Having fewer hours to fill is also attractive creatively, at least for fans of serialized storytelling. Any genre addict can tell you that 22- to 24-episode seasons are subject to a fair amount of filler material. Many mythology-based shows find themselves forced to spin their wheels with "standalone" episodes that pad out the season and prevent the writers from burning through material too quickly. (Comedies and procedurals are generally exempt from this rule.) Hell, even in a season containing only 12 episodes, "True Blood" still manages to stuff in a whole heap of extraneous material. Any good writer knows that the goal is always to leave the audience wanting more, which is why so many fans were left rabid at the end of "The Walking Dead's" svelte, six-episode freshman season.

Shorter runs have also proved enticing for a greater number of film actors this season. When HBO scores thespians like Dustin Hoffman or Steve Buscemi to head up their 9- or 12-episode dramas, no one bats an eye; yet it still seems jarring to see stars like Anjelica Huston, Ashley Judd or Jason Isaacs "slumming it" on network TV. Fox and Kevin Williamson even managed to lure Kevin Bacon into committing to a broadcast pilot for next season's slate, under the caveat that Bacon would only commit to a maximum of 15 episodes per season.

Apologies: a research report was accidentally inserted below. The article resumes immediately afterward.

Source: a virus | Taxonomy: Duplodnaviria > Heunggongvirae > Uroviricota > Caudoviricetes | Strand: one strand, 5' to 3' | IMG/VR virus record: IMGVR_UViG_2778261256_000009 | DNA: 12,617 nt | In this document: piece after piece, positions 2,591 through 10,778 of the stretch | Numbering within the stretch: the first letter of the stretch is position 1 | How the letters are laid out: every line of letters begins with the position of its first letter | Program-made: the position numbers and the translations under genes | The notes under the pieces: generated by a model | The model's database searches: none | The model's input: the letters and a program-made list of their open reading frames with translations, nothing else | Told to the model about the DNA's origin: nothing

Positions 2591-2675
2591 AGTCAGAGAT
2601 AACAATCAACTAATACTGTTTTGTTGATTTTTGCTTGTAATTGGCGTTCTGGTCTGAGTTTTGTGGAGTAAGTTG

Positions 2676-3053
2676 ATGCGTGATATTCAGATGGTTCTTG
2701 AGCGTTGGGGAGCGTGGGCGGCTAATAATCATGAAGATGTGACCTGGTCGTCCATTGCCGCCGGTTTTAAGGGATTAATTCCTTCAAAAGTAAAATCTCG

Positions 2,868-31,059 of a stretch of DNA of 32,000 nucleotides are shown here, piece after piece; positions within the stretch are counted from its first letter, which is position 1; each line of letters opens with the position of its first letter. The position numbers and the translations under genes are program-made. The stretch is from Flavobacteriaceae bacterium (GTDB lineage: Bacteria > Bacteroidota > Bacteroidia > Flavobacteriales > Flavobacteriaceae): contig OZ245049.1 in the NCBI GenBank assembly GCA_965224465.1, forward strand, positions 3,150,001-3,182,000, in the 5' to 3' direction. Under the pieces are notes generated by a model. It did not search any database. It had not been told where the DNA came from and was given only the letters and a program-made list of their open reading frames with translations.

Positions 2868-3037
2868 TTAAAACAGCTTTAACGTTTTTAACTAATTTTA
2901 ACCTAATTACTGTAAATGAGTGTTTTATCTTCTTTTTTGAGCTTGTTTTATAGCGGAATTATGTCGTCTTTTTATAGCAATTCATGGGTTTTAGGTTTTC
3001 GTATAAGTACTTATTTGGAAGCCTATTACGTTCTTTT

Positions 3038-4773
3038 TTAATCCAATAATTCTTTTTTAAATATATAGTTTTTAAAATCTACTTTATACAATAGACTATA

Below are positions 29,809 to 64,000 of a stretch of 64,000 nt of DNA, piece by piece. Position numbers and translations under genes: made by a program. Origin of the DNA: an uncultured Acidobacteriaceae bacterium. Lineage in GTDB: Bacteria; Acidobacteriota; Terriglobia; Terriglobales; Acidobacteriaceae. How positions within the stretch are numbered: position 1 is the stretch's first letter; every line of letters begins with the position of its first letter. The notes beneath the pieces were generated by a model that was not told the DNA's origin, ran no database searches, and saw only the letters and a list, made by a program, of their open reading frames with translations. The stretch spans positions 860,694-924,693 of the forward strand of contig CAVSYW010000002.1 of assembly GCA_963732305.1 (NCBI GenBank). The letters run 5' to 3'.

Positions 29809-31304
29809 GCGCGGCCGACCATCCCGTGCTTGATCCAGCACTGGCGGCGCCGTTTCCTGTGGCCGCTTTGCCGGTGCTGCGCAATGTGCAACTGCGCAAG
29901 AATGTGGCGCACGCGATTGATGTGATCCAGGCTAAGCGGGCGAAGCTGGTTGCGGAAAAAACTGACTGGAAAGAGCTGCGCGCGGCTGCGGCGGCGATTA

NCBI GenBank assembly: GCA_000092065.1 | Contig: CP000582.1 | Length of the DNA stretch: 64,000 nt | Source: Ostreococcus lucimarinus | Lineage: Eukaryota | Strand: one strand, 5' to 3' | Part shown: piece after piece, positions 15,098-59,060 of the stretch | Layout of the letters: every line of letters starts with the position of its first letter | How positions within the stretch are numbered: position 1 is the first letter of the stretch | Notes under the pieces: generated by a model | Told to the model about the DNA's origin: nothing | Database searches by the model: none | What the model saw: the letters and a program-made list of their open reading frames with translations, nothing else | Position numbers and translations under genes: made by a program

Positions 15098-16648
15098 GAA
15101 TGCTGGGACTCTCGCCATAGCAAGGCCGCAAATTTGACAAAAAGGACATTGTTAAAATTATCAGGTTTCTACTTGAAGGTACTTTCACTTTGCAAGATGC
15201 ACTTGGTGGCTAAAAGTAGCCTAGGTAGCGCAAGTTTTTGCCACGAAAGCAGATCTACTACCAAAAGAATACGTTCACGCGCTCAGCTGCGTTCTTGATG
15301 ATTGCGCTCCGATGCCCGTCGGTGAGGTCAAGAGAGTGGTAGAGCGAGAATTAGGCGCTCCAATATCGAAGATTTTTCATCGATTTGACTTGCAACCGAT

Everyone wants to have their cake and eat it, too in Hollywood. Stars are trying to keep their options open for feature film work; but as "Missing" star Ashley Judd pointed out during the TCA press tour panel for her show: "I was aware that this is a golden age in television; that incredible film producers are making special TV; that [the] once rather impermeable membrane between film actors and TV actors has completely vanished." With so much creativity -- and the allure of a steady, multi-year income standing in stark contrast the ephemeral nature of film work -- TV no longer has such a second-class stigma attached.

Then there's the worst-case scenario: When viewers are given an abridged season as a consolation prize when the networks want to avoid canceling an ailing show without closure. Die-hard "Chuck" fans earned the resilient show that right for its fifth and final season (although NBC was far from respectful in the way they burned off episodes during the winter break) and "One Tree Hill" fans will see their show draw to a close in a similar fashion this spring. With series living on borrowed time, it's an attractive prospect to both the audience and execs who don't want to raise the ire of a loyal fanbase; but would more networks be prepared to make that concession if all of their shows were 12 or 13 episodes long and they had more hours of programming to schedule in a year?